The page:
Accelerated Learning Needs To Be Child-led
Our 5 year old San Yu (our Chinese program) students took a mid year assessment recently, testing Standard 1 materials. Most of them scored exceptionally well.
We run accelerated on many subjects. For instance, the 6 year old children would have been prepared to Standard 1 Chinese by term 2 of their K2 year (6-9 months ahead). With a particularly motivated 5 year old class who leads our pace with their eagerness, we are running much faster. The San Yu accelerated classes are optional and elective.
Why do we accelerate learning? There's two key reasons.
Firstly, we believe in early learning. It's important to read the child's cues and keep learning joyous. When a child wants to find out more, initiate more practice, indulge her and let her soak up earnestly.
In a series of research relating longitudinal study on gifted children conducted by Julian C. Stanley and team, it is found that these intellectually talented children do not need brand new materials or teaching methods. They simply need to access harder material at their own pace. For instance, a 6 year old devouring high school math material.
Secondly, we prepare children for all streams of primary which start year 1 at different entry points. We feel it is our fiduciary duty to prepare our students adequately and provide them with a solid foundation.
Unfortunately, there has been trends of schools creeping up their standard at each level. Some practice enforced harder materials for all to cherry pick better students, to train the 'muscles' so the students can score better in the final formal exam.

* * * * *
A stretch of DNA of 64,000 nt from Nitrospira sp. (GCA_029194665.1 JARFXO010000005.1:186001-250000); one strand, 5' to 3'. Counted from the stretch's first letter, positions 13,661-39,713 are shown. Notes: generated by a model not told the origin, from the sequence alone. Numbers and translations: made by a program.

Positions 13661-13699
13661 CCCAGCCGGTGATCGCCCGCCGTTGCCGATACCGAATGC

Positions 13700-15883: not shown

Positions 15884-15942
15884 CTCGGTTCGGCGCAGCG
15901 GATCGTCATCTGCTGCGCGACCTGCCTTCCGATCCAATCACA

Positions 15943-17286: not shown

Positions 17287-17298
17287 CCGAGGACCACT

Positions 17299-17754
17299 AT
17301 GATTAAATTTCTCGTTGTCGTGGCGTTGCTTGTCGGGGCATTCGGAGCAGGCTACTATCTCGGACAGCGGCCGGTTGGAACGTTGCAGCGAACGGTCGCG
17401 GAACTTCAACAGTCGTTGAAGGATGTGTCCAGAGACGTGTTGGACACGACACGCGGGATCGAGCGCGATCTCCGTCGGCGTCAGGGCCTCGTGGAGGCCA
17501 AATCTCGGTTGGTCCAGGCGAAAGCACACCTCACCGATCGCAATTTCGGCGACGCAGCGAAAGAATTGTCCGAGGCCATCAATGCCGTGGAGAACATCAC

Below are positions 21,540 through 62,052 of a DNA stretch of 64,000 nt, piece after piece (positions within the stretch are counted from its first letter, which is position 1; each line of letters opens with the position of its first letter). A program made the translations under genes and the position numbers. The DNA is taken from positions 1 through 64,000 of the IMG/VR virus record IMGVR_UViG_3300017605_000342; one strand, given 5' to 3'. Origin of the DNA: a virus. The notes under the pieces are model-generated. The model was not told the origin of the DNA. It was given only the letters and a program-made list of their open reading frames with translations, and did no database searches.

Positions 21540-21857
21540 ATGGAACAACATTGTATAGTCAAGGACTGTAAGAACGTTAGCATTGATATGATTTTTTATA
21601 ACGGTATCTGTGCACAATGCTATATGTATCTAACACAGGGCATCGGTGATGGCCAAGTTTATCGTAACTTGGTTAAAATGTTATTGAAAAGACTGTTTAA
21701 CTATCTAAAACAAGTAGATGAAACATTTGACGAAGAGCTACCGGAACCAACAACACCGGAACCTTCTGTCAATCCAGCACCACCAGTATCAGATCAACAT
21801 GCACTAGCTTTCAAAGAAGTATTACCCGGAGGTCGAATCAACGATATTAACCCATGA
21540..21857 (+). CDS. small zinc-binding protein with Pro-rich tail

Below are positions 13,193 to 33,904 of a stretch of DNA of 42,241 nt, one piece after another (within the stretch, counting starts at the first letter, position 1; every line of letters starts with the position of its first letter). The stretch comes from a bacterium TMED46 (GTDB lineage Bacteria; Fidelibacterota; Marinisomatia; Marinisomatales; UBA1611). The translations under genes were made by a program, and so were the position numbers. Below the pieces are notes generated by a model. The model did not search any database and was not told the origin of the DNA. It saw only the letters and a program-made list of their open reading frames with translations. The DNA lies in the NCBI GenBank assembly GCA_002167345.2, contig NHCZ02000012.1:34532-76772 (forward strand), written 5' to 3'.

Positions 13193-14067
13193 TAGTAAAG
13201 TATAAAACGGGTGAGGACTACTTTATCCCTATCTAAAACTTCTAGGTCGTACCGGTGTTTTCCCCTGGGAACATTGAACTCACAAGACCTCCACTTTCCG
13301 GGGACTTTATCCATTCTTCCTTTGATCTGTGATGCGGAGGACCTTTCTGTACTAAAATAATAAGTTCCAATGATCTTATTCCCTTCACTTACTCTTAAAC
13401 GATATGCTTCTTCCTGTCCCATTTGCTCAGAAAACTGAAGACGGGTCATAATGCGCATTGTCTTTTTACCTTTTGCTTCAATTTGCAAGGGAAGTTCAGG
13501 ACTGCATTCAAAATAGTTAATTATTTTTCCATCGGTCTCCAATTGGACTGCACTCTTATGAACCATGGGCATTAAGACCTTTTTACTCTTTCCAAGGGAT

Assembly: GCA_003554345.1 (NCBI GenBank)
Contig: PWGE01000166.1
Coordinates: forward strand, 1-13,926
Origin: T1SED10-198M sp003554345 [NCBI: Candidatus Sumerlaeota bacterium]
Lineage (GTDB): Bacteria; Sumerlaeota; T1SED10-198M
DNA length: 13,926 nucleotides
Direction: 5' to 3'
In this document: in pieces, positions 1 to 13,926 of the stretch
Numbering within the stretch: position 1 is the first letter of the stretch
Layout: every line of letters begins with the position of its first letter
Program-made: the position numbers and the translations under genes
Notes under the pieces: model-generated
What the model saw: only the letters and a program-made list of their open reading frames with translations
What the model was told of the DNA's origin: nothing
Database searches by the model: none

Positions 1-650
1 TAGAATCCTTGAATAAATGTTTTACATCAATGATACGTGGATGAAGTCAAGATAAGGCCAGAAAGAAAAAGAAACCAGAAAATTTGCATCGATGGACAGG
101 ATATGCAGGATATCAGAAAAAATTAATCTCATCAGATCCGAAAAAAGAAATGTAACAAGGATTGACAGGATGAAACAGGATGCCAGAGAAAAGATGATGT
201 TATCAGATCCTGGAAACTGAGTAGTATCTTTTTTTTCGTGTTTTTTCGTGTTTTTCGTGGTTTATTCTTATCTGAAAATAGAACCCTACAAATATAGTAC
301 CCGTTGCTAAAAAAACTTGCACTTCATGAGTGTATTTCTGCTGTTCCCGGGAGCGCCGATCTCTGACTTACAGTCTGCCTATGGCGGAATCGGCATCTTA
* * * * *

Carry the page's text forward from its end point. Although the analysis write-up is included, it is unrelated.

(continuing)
The creeping up of standards enforced at entry by some primary schools has filtered down effect to preschools. It contains many pitfalls.
In a study conducted by David J. Nicole et al on 'Formative assessment and self-regulated learning' shows how regular checkpoints provide feedbacks for a child to intelligently self-regulate learning and build on his ability. This empowers a child to take a proactive approach to his learning. Intelligent self-regulation requires the child to take into account his interest, his present state of readiness.
When a school chooses unilaterally harder material, not based on feedbacks nor readiness from its students, it interferes with the student's intelligent self-regulation on learning.
In the other words, a school may not have taken into account a child's readiness to master the concepts and may be unwittingly forcing the child to rote memorise ways to score. A child with straight As may have blandly learnt how to score well for that system. The years of schooling may be means to an end, a 'good job' because of his 'good grades', a myth we should stop perpetuating to our children.
When a child moves at a certain pace because he is used to someone nudging (or pushing) him along, he does not appreciate the journey nor could he see the goalpost. What happens when the force stops pushing him?
Enforcing harder materials on the cohort does not add to our child's IQ and most definitely, not motivation.
Learning is a lifelong process and it is paramount to keep the experience joyous. Let our child leads us in his learning.